This week in history: July 25-31

25 July 2016

This Week in History provides brief synopses of important historical events whose anniversaries fall this week.

What is behind the imperialist campaign over the Crimean Tatars?

Part 2: The imperialist exploitation of ethnic tensions on the Crimea—then and now

By Clara Weiss, 19 July 2016

Since the beginning of the crisis in Ukraine, leading media outlets of the imperialist powers, in particular the New York Times, have been waging a campaign ostensibly directed at defending the Crimean Tatars from oppression by Russia.

What is behind the imperialist campaign over the Crimean Tatars?

Part 1: The Russian Revolution and the fate of the Crimean Tatars

By Clara Weiss, 16 July 2016

Since the beginning of the crisis in Ukraine, leading media outlets of the imperialist powers, in particular the New York Times, have been waging a campaign ostensibly directed at defending the Crimean Tatars from oppression by Russia.

A reply to our critics

In Defense of the American Revolution

By Tom Mackaman, 14 July 2016

The American Revolution, the most progressive event in world history in its time, continues to inspire the struggle for equality.

“The records were full of evidence of dissent and insurrections by common people”

An interview with Victoria Bynum, historian and author of The Free State of Jones—Part 1

By David Walsh and Joanne Laurier, 12 July 2016

We are posting a conversation with Victoria Bynum, whose research helped inspire the film Free State of Jones, about an insurrection by Southern Unionists against the Confederacy during the Civil War.

This week in history: July 11-17

11 July 2016

This Week in History provides brief synopses of important historical events whose anniversaries fall this week.

Toward a socialist future: Children’s picture books after the Bolshevik Revolution

By Thomas Scripps, 9 July 2016

A New Childhood: Picture Books from Soviet Russia, an exhibition at the House of Illustration gallery in London, brings to light the artistic impetus provided by the October Revolution to children’s book illustrations.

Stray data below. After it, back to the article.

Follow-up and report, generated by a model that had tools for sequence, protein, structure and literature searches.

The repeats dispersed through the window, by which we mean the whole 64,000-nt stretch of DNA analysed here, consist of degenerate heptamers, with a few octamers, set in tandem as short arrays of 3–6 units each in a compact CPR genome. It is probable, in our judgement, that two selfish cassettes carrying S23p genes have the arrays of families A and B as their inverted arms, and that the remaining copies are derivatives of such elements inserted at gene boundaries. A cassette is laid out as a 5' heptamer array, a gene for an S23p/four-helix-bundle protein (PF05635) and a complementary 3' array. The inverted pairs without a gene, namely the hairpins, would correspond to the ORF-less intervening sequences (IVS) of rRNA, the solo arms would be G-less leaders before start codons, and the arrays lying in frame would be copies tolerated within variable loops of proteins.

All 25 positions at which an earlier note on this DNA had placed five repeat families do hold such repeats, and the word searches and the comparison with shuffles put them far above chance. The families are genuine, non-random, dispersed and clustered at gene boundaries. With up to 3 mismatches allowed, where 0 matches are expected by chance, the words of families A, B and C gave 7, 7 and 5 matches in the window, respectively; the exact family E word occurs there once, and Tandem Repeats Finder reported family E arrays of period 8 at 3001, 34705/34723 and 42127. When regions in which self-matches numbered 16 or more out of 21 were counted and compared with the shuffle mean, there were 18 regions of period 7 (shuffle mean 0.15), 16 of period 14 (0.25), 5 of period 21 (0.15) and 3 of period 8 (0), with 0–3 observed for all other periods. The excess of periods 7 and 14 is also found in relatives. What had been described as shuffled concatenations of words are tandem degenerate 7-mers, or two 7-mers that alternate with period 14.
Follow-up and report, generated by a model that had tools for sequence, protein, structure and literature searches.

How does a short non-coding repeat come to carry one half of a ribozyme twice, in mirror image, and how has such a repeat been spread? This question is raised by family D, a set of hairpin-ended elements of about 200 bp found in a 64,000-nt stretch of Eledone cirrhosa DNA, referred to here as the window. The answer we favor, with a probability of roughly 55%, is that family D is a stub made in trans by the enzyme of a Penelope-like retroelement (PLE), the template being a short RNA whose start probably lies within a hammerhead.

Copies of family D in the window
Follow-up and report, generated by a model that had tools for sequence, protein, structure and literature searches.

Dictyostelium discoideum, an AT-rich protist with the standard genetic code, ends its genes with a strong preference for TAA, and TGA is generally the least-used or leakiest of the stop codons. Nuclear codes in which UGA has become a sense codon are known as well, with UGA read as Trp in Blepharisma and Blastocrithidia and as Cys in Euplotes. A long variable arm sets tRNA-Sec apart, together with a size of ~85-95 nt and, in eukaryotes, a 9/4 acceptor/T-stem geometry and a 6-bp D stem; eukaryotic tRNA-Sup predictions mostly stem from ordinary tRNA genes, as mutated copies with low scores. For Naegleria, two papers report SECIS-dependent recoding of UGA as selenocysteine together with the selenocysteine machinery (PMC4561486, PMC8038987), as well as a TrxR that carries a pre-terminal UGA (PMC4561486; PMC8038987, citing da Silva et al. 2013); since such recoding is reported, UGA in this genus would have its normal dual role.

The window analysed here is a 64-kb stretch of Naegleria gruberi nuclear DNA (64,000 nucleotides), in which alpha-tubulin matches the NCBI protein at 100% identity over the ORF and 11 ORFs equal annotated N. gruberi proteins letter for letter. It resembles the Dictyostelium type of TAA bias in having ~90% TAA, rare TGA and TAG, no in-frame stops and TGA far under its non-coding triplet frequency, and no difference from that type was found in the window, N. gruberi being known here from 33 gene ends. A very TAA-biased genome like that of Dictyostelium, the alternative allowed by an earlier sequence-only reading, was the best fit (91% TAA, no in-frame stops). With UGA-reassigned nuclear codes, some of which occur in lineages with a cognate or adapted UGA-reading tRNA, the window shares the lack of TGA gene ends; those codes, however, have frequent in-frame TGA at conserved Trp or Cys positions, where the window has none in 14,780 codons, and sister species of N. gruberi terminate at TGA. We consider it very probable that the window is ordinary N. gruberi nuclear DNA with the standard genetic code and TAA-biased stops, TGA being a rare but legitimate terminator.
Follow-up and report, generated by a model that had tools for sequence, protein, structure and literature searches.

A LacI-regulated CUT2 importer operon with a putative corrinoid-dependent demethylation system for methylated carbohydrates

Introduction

This week in history: July 4-10

4 July 2016

This Week in History provides brief synopses of important historical events whose anniversaries fall this week.

Warmongering and historical falsification on 75th anniversary of German invasion of Soviet Union

By Christoph Vandreier, 2 July 2016

On German television, presenter Guido Knopp and historians Jörg Baberowski and Sönke Neitzel questioned whether Hitler’s Operation Barbarossa was a deliberately planned war of annihilation.

This week in history: June 27-July 3

27 June 2016

This Week in History provides brief synopses of important historical events whose anniversaries fall this week.

25 April: Animated documentary on New Zealand’s role in the Gallipoli invasion

By Sam Price and Tom Peters, 25 June 2016

The film shows the horrors of war but fails to challenge the nationalist mythology surrounding the Anzacs.

German court sentences former SS Auschwitz guard to five years imprisonment

By Sybille Fuchs, 24 June 2016

A court in Detmold found 94-year-old Reinhold Hanning guilty of complicity in the murders of 170,000 people.

Seventy-five years since the Nazi invasion of the Soviet Union

By Barry Grey, 22 June 2016

The war against the Soviet Union expressed the essence of the Nazi regime, which had been brought to power by the German bourgeoisie to destroy the workers movement and end the threat of socialist revolution.

This week in history: June 20-26

20 June 2016

This Week in History provides brief synopses of important historical events whose anniversaries fall this week.

This week in history: June 13-19

13 June 2016

This Week in History provides brief synopses of important historical events whose anniversaries fall this week.

This week in history: June 6-12

6 June 2016

This Week in History provides brief synopses of important historical events whose anniversaries fall this week.

Ninety years since the coup of Piłsudski

The Strategy of the Intermarium—Part 4

NATO’s preparations for war with Russia

By Clara Weiss, 3 June 2016

This is the final part of a series reviewing the history of the Intermarium, which was developed as a bourgeois nationalist antipode to the United Socialist States of Europe as proposed by Leon Trotsky.

Ninety Years Since the Coup of Piłsudski

The Strategy of the Intermarium—Part 3

The Intermarium and Poland’s integration into the US war alliance against Russia

By Clara Weiss, 2 June 2016

This is the third part of a series reviewing the history of the Intermarium, which was developed as a bourgeois nationalist antipode to the United Socialist States of Europe as proposed by Leon Trotsky.

The return of the “grand narrative”

By Andre Damon, 1 June 2016

The resurgence of the class struggle is undermining the intellectual charlatanry that underpinned the ideological dominance of various forms of anti-Marxism over the past half-century.

Ninety years since the coup of Piłsudski

The Strategy of the Intermarium—Part 2

The Intermarium from 1921 to 1989

By Clara Weiss, 1 June 2016

This is the second part of a series reviewing the history of the Intermarium, the main basis of which emerged in the period leading up to World War I, as a bourgeois nationalist antipode to the United Socialist States of Europe as proposed by Leon Trotsky.